You may not have noticed, but those of us who have our blogs hosted on Google's Blogger site were a bit flummoxed when Blogger went down for over a day late last week. Wonder what some of my fellow bloggers did during the downtime? Read on here, here and here to see what Amy Coffin from The Wee Tree Genealogy Blog, Elizabeth at Little Bytes of Life and Randy Seaver from Genea-Musings did during "The Great Blogger Fail of 2011." Also, Lorine at Olive Tree Genealogy Blog brought us a little reality (and some tips) about backing up our blogs in case of catastrophic technical failure! Guess what I'll be doing in the next couple of weeks...I hope you'll click over to these great blogs that influence and inspire me each week. You might learn something, and you'll certainly be entertained!
Lorine from Olive Tree Genealogy also shared with us a Civil War-era family photo album that has come into her possession. Color me jealous!!!
Heather at Leaves For Trees is helping a friend find her Mexican family roots - no easy feat! I've been thinking about doing the same for my brother-in-law's family (so my nephews will have a more well-rounded family history), and I'll be following Heather's quest to get some good tips and tricks.
One of my recently-discovered Beals cousins, Travis at TJLGenes: Preserving Our Family History, shared the 1867 tombstone of his 5th great grandfather, Nathan C. Beals, that he found thanks to the efforts of one of the many volunteers at FindAGrave.com.
Greg A. Hoots was the guest blogger at the Flint Hills of Kansas blog this week, and he wrote a great story about the cowboy history in the Flint Hills. Since I have my own cowboys who hail from the Flint Hills of Kansas and worked cattle there, this was a great read for me. Greg has also written a new book about the Flint Hills. It will be available next week, and I look forward to snapping up a copy!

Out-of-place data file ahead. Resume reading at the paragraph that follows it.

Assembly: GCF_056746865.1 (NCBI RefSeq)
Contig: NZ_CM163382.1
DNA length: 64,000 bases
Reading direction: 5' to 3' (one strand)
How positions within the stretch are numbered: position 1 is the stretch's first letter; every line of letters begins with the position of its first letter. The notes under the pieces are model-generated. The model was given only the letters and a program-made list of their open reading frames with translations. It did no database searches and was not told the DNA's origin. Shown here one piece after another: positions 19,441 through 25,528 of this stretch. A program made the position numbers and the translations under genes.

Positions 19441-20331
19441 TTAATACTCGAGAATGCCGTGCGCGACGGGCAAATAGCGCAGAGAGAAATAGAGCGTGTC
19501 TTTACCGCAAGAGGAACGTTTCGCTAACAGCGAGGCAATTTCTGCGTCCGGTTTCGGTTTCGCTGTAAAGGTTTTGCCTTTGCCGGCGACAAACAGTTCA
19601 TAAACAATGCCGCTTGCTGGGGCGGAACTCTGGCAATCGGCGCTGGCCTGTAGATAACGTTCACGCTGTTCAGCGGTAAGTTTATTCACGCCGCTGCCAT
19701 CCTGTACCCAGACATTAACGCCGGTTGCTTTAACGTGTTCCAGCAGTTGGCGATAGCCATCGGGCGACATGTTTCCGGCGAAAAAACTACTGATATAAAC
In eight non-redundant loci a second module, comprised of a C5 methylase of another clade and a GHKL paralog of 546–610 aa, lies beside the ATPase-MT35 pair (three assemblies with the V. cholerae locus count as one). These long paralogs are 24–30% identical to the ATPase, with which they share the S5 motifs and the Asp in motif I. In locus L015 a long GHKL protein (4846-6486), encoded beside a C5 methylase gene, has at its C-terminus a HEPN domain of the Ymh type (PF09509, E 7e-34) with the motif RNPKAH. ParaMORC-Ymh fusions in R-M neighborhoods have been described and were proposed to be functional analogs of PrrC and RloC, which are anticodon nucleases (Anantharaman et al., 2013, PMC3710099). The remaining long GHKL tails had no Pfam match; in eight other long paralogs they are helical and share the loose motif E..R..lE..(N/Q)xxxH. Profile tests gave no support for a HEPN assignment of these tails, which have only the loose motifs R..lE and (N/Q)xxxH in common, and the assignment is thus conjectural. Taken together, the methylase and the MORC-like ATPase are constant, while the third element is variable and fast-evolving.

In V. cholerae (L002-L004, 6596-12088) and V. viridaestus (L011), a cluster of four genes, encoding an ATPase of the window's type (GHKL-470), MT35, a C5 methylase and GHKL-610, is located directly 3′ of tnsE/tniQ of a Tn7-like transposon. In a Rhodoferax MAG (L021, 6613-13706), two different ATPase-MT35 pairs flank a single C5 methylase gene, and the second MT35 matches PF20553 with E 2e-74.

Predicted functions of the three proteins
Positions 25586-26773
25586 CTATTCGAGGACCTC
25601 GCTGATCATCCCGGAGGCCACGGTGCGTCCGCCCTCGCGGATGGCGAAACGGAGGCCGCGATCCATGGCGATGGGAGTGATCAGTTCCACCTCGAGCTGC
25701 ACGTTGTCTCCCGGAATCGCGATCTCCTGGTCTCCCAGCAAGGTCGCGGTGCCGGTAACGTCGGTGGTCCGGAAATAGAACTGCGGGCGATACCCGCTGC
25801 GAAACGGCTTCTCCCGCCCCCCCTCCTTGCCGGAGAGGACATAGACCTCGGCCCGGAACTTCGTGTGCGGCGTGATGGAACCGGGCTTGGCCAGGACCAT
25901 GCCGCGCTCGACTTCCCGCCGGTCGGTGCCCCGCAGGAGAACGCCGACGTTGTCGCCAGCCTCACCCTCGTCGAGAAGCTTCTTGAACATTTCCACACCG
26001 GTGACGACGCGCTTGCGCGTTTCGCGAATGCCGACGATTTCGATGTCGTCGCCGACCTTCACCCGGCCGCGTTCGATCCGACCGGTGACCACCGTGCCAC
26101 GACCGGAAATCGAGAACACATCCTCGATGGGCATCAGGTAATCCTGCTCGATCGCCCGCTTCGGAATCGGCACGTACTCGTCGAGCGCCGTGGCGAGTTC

Randy Seaver at Genea-Musings offers a great tip about using the Daughters of the American Revolution (DAR) website to find your own Revolutionary War patriots. Trust me, he's right. The DAR website, and its GRS research system, were instrumental in helping me locate some great information, including a "Record Copy" of another DAR member's accepted application that helped me to prove my own patriot and join this wonderful organization.
I loved this post from Marian at Climbing My Family Tree. When she writes about her mother-in-law, Marian Jane McClure, who was born in 1909 Cleveland, Ohio, she gives us a rich history of that time and place, including demographics of the city, transportation and exploration during that age. I hope she doesn't mind, but I plan to use her idea for some of my upcoming blog posts. Genealogy is so much more than just names/dates/places, so I appreciate that Marian has gone a step further to truly flesh out her relatives' histories.
Finally, my cousin, Jennifer, over at the "other" Climbing My Family Tree blog, had a great time last week at the National Genealogical Society (NGS) conference in Charleston, SC, with her daughter, Ellie. She kept us up-to-date with all the great stuff she learned and the people she met at the conference (and her AWESOME photography!). My favorite post, however, included this wonderful video "news report" that Ellie produced and starred in! Ellie took us on a tour of the conference and introduced us to some of the big influencers in the genealogy community. She's a great interviewer, and I think Ellie may have a broadcast career in her future!
Friday, May 20, 2011
Follow Friday: My Favorite Blog Posts of the Week
Happy Friday!! It was another great week in the genealogy blogosphere. Here are some posts by some of my fellow family historians that I think you might enjoy. Please click on over and show them some love!